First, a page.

Instead, it is simply a compassionate but slight portrait of a likable young person whose unique, impassioned spirit is...

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TREVOR

Trevor, after which LGBT helpline the Trevor Project is named, began its life as a theater piece, was sold as a short film in 1997, and here is adapted to a contemporary setting in novella form.

Thirteen-year-old Trevor narrates in a voice that is initially exuberant. He wants more attention from his parents and seeks it by theatrically pretending to be dead. He loves Lady Gaga and is surprised when his best friend Zac derisively suggests he shelve his Gaga Halloween costume in favor of something “less gay.” Zac ultimately shuns Trevor and so does the new friend Trevor finds after Zac. Finally, after a bullying incident at school, Trevor attempts suicide (leaving a suicide note that requests that "Born This Way" be played at his funeral). Trevor's voice is engaging, but the novella is short enough that both the change in his character and the resolution happen jarringly quickly. The slightness of the novella is reinforced by pencil drawings that add warmth but give the impression of having been quickly sketched. Teen fiction about gay boys in middle-class, suburban homes struggling with their sexuality is common enough now that this volume is no longer groundbreaking.

Instead, it is simply a compassionate but slight portrait of a likable young person whose unique, impassioned spirit is dampened by bullying and homophobia. (Fiction. 12 & up)

Pub Date: Aug. 14, 2012

ISBN: 978-1-60980-420-6

Page Count: 96

Publisher: Seven Stories

Review Posted Online: June 27, 2012

Kirkus Reviews Issue: July 15, 2012

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Busy, busy, busy…with portents of doom.

CHAIN OF GOLD

From the Last Hours series , Vol. 1

Clare’s (Ghosts of the Shadow Market, 2019, etc.) latest is set in the Shadowhunter world in the 20th century’s first decade (with frequent flashbacks to the previous one).

Teenage offspring of the Herondales, Carstairs, Fairchilds, and other angel-descended Nephilim continue their families’ demon-fighting ways amid a round of elegant London balls, soirees, salons, picnics, and romantic intrigues. James Herondale, 17-year-old son of Will and Tessa, finds himself and his “perfectly lethal dimple” hung up between two stunning new arrivals: Cordelia Carstairs, red-haired Persian/British wielder of a fabled magic sword, and Grace Blackthorn, an emotionally damaged but (literally, as the author unsubtly telegraphs) spellbinding friend from childhood. Meanwhile, a sudden outbreak of demonic attacks that leave more and more Shadowhunters felled by a mysterious slow poison plunges James and a cohort of allies into frantic searches for both a cause and an antidote. Ichor-splashed encounters with ravening boojums and even one of hell’s own princes ensue—all leading to final hints of a devastating scheme to destroy the Nephilim in which James himself is slated to play a central role. Characters have a range of skin tones, but ethnic diversity adds no texture to the portrayals; there is a lesbian cousin who wears traditionally male clothing and two young gay men (one tortured, the other less so).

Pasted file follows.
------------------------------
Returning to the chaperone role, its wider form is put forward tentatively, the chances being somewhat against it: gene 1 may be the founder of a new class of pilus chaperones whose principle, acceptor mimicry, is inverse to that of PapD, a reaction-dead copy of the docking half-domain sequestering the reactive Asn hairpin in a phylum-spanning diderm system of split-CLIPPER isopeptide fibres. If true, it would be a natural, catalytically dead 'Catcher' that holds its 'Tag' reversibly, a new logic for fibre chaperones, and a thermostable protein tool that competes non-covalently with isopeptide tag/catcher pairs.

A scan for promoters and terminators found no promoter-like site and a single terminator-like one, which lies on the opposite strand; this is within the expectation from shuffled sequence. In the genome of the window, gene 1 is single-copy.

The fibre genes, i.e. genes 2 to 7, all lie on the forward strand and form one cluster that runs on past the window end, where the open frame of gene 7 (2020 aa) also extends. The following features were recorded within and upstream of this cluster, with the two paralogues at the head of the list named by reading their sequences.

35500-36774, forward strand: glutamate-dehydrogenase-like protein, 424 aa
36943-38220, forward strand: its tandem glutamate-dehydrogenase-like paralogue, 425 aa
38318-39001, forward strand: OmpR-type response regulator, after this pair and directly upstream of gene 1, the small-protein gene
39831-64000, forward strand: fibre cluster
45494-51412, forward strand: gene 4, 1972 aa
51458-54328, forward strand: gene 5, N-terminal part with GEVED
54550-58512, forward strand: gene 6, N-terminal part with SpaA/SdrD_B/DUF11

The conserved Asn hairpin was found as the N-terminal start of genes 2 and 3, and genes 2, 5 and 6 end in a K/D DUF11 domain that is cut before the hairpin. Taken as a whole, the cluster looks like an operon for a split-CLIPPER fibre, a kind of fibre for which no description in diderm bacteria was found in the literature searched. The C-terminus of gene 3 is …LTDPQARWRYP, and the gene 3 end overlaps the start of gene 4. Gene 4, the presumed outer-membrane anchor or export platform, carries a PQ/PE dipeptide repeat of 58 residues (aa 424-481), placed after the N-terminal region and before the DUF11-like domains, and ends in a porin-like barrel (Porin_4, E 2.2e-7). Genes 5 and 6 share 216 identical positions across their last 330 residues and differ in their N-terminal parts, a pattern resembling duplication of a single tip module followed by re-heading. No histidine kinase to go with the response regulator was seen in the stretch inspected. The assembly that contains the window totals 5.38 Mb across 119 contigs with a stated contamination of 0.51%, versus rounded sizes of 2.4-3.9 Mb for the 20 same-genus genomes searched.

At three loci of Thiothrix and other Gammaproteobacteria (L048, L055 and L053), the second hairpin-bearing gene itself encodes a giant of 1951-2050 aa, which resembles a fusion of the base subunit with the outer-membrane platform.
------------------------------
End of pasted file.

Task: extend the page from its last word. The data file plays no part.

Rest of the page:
Busy, busy, busy…with portents of doom. (Fantasy. 14-18)

Pub Date: March 3, 2020

ISBN: 978-1-4814-3187-3

Page Count: 624

Publisher: McElderry

Review Posted Online: Jan. 23, 2020

Kirkus Reviews Issue: Feb. 15, 2020

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Skip this uninspired entry into the world of medieval love and court intrigue.

THE BETROTHED

From the Betrothed series , Vol. 1

In an imagined setting evoking medieval England, King Jameson of Coroa pursues Hollis Brite.

The independent teenager makes Jameson laugh, but she lacks the education and demeanor people expect in a queen. Her friend Delia Grace has more knowledge of history and languages but is shunned due to her illegitimate birth. Hollis gets caught up in a whirl of social activity, especially following an Isolten royal visit. There has been bad blood between the two countries, not fully explained here, and when an exiled Isolten family also comes to court, Jameson generously allows them to stay. Hollis relies on the family to teach her about Isolten customs and secretly falls in love with Silas, the oldest son, even though a relationship with him would mean relinquishing Jameson and the throne. When Hollis learns of political machinations that will affect her future in ways that she abhors, she faces a difficult decision. Romance readers will enjoy the usual descriptions of dresses, jewelry, young love, and discreet kisses, although many characters remain cardboard figures. While the violent climax may be upsetting, the book ends on a hopeful note. Themes related to immigration and young women’s taking charge of their lives don’t quite lift this awkwardly written volume above other royal romances. There are prejudicial references to Romani people, and whiteness is situated as the norm.

Skip this uninspired entry into the world of medieval love and court intrigue. (Historical romance. 13-16)

Pub Date: May 5, 2020

ISBN: 978-0-06-229163-9

Page Count: 320

Publisher: HarperTeen

Review Posted Online: Feb. 5, 2020

Kirkus Reviews Issue: March 1, 2020

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